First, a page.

Gestational diabetes is a form of type 2 diabetes that is only present during pregnancy.
The condition is only seen in the third trimester of a woman’s pregnancy; if a screening test reveals a woman has diabetes during the first trimester, it is most likely a form of type 2 diabetes that was present before the pregnancy.
Gestational diabetes can be very serious if not treated properly, as it increases risk of preeclampsia in the mother, large birth weight, postnatal hypoglycemia, jaundice, and still birth. Therefore it is important for women to know the main risk factors for the condition, which include:
- Body Weight — The higher an individual’s body mass index (BMI), the higher the risk for gestational diabetes. Gaining too much weight during pregnancy is also a risk factor.
- Ethnicity — Individuals with Hispanic, African, Native American, South or East Asian and Pacific Island ancestry all have greater risk.
- Family History — Having a close family history of Type 2 diabetes puts an individual at greater risk.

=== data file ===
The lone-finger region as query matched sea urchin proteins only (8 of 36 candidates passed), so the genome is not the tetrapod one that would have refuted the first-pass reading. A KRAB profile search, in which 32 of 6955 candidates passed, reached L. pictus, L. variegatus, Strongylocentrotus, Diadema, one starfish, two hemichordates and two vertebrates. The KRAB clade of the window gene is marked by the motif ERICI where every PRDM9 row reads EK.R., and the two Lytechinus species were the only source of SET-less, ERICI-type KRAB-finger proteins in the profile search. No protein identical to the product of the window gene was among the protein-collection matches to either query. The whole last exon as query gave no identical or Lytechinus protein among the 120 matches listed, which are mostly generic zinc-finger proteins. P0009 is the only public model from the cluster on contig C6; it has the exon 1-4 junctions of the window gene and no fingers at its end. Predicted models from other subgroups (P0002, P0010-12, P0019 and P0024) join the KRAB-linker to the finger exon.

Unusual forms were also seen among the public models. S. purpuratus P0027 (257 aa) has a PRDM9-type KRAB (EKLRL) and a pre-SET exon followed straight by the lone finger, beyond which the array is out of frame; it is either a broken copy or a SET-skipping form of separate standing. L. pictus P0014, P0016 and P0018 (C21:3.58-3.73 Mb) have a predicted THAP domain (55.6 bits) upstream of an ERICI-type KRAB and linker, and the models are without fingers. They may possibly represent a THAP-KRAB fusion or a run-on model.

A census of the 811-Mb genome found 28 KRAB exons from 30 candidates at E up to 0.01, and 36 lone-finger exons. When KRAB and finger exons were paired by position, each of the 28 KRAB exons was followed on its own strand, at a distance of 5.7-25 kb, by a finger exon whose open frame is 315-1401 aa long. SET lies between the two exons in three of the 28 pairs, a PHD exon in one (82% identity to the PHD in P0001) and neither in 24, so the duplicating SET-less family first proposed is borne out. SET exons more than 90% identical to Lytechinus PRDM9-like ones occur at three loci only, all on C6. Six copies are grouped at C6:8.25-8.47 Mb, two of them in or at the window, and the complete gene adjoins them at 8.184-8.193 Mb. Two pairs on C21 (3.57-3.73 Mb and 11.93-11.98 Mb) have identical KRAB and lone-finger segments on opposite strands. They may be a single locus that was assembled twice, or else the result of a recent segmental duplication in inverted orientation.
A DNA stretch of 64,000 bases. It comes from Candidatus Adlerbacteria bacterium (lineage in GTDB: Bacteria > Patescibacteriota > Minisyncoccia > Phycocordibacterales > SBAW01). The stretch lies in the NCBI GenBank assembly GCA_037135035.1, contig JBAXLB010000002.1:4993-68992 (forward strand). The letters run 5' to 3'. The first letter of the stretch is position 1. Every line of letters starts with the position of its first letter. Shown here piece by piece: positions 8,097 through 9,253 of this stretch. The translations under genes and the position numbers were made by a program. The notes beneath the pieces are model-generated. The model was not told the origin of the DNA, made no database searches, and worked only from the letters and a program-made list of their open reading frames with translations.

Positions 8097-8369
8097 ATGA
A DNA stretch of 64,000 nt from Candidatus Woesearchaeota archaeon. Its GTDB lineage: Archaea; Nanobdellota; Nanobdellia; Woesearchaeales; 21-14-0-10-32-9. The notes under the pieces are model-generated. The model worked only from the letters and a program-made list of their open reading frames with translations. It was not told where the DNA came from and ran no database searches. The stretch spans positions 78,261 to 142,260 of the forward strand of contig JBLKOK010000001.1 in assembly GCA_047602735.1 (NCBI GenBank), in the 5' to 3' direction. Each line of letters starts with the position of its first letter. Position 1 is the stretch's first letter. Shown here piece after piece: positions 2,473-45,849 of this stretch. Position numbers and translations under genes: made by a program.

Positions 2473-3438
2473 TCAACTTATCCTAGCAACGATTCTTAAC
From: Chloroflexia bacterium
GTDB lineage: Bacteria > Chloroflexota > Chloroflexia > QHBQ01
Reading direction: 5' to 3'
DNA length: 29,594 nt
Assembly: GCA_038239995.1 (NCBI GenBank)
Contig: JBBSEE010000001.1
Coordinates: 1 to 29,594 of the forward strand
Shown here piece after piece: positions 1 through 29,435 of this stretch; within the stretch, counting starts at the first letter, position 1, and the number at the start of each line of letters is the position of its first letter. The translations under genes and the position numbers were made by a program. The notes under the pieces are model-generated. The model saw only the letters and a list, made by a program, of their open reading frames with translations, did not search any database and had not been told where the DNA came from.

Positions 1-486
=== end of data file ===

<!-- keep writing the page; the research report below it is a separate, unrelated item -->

The condition is often asymptomatic. Therefore, standard practice recommends that all pregnant women get screened for it during the third trimester of their pregnancy. Gestational diabetes is diagnosed through a glucose tolerance test that measures the level of glucose in the blood, which may be followed by additional testing if the results from the original test are abnormal.
If a woman is diagnosed with gestational diabetes, it is important that she receives the proper prenatal and postnatal care to ensure her safety, as well as the baby’s. Fortunately, Cone Health’s Center of Excellence in Women’s Health has an exceptional network of obstetrics and gynecology specialists dedicated to providing the best care possible for women with gestational diabetes.
Dr. Michelle Horvath is an obstetrics and gynecology specialist at Green Valley OB/GYN & Infertility and a member of the Cone Health medical staff. Dr. Horvath is a 1995 graduate of the University of Virginia Health System. She completed her residency in obstetrics and gynecology at the University of Texas – Houston.